Her Majesty the Queen Elizabeth II and His Royal Highness the Duke of Edinburgh visited Christ Church Cathedral this morning for the annual Royal Maundy Service, followed by lunch at Oriel College.

In the service the Queen gave Maundy Money to pensioners to thank them for their service to the Oxford community and church. 87 men and 87 women were honoured to commemorate the Queen’s 87 years. The Maundy Money consisted of a £5 coin and 50p coin marking the sixtieth anniversary of the Queen’s coronation, as well as silver one, two, three and four penny pieces totalling 87p.

One elderly recipient cashing in


The Queen arrived in Oxford via helicopter, landing in Merton field before boarding her claret-coloured Bentley. She was then driven down St Aldates, where she was greeted by scores of students and locals lining the street up to Carfax Tower, and entered Christ Church through Tom Gate.

The Queen lands on Merton Field in Oxford (Photo: JP Spencer)


The sun’s appearance further swelled the collective excitement. Hass McCook, an MBA student at Christ Church, commented, “You know you’re in England when, on the day the Queen visits, the sun is out for the first time in three months.”

The Queen and Prince Philip, flanked by Yeoman of the Guard, at the conclusion of the service


The Queen turns 87 on 21st April, yet showed no signs of ill-health, belying her hospitalisation for gastroenteritis earlier this month. She visibly enjoyed greeting her well-wishers, thanking those who offered her bouquets of flowers as she entered and exited Christ Church and Oriel.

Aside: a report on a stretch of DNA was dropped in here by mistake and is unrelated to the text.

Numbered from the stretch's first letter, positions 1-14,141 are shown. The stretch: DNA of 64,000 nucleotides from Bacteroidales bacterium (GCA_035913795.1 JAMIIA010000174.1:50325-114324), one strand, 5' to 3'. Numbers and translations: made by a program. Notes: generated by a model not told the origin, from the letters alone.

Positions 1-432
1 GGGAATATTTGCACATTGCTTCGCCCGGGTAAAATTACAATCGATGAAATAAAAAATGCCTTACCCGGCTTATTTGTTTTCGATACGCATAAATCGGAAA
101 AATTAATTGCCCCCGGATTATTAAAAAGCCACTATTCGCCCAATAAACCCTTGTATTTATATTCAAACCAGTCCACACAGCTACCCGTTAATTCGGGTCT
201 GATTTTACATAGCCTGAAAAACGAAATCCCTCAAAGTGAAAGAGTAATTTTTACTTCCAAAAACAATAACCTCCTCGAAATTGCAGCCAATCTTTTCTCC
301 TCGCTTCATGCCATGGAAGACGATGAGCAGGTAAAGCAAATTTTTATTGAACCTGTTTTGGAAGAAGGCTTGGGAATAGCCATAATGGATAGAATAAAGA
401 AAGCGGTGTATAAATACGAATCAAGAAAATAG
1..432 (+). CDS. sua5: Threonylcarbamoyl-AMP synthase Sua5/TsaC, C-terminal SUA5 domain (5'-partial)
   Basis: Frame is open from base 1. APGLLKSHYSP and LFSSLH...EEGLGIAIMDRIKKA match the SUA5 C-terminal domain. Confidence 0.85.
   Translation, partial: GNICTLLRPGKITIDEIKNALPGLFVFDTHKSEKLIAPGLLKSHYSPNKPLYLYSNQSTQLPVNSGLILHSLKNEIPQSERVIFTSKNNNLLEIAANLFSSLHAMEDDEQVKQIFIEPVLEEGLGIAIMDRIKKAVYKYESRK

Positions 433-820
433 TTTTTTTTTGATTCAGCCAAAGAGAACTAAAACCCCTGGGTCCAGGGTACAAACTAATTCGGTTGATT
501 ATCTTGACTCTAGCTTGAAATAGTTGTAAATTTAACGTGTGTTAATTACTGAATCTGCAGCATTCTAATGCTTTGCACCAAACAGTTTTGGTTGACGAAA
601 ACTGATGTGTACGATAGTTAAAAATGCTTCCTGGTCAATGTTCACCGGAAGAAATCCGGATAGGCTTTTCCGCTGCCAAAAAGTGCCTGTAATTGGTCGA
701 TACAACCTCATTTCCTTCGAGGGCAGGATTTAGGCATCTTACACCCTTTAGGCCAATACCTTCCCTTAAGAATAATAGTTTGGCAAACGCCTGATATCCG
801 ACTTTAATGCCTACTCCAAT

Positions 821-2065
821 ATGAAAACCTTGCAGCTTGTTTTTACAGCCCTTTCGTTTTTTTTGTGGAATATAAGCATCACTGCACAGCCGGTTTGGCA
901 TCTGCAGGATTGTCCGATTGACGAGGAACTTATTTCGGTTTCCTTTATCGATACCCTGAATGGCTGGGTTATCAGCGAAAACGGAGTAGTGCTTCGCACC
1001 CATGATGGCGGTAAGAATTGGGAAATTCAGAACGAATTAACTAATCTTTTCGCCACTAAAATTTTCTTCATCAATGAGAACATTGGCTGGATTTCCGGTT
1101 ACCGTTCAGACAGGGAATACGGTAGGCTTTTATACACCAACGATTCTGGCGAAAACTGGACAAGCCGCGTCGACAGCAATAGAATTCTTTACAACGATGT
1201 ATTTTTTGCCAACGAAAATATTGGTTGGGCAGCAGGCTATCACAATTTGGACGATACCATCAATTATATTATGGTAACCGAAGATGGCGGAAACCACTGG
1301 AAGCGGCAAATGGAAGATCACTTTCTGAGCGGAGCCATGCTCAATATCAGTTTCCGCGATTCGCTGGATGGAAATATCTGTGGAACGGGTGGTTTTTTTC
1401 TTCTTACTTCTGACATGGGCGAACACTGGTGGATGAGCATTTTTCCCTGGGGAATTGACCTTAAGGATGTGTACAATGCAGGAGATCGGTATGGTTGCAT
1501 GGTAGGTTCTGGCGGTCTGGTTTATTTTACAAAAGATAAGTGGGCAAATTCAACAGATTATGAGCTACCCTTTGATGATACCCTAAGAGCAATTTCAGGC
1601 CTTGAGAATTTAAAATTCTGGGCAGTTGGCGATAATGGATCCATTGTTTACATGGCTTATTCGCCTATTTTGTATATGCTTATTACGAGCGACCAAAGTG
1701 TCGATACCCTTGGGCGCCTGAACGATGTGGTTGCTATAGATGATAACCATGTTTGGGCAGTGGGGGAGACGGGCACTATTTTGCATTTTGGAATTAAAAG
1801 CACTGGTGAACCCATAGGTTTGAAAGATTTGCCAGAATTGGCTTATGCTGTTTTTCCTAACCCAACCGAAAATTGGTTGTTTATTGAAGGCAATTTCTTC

The Queen last visited Oxford in Michaelmas 2008 to celebrate Magdalen College’s 550th birthday. The first recorded Maundy Service was held by King John in 1210. Medieval monarchs both handed out money to the poor and washed their feet, in imitation of Jesus, who washed his disciples’ feet at the Last Supper. However the practice of washing feet ended in the eighteenth century.

After the hour-long Maundy Service the Queen and Prince Philip took lunch at Oriel. The meal saw the high table replaced with three circular tables and members of the college were required to wear gowns. The Queen sat next to Oriel Provost Sir Derek Morris at the head table.

The Queen greets well-wishers outside Oriel College, where she had a spot of lunch


The menu consisted of a tartar of Cornish mackerel with horseradish & beetroot, followed by Buckleberry Estate venison in a sloe gin sauce, and finished with marmalade sponge pudding with English custard. Wines served were a 2007 Coudoulet de Beaucastel Blanc and a 2004 Corton Les Bressandes Grand Cru.

Oriel students balloted for a seat at the lunch, though only two spots were available.

Lauren Fletcher, a guest at the meal, described the experience as “even by Oxford standards, a rare and amazing opportunity.”

After lunch, the Queen and the Duke greeted Oriel students in the front quad, taking a particular interest in the Oriel boat club. Prince Philip, known for his witty comments, did not shy away from expressing himself. Upon encountering a group of freshers revising for prelims, and learning from them that Oxford’s Easter vacation had already begun, Prince Philip remarked, “You’re staying behind for more classes? You must be the dim lot.”

The Queen and Prince Philip inside Christ Church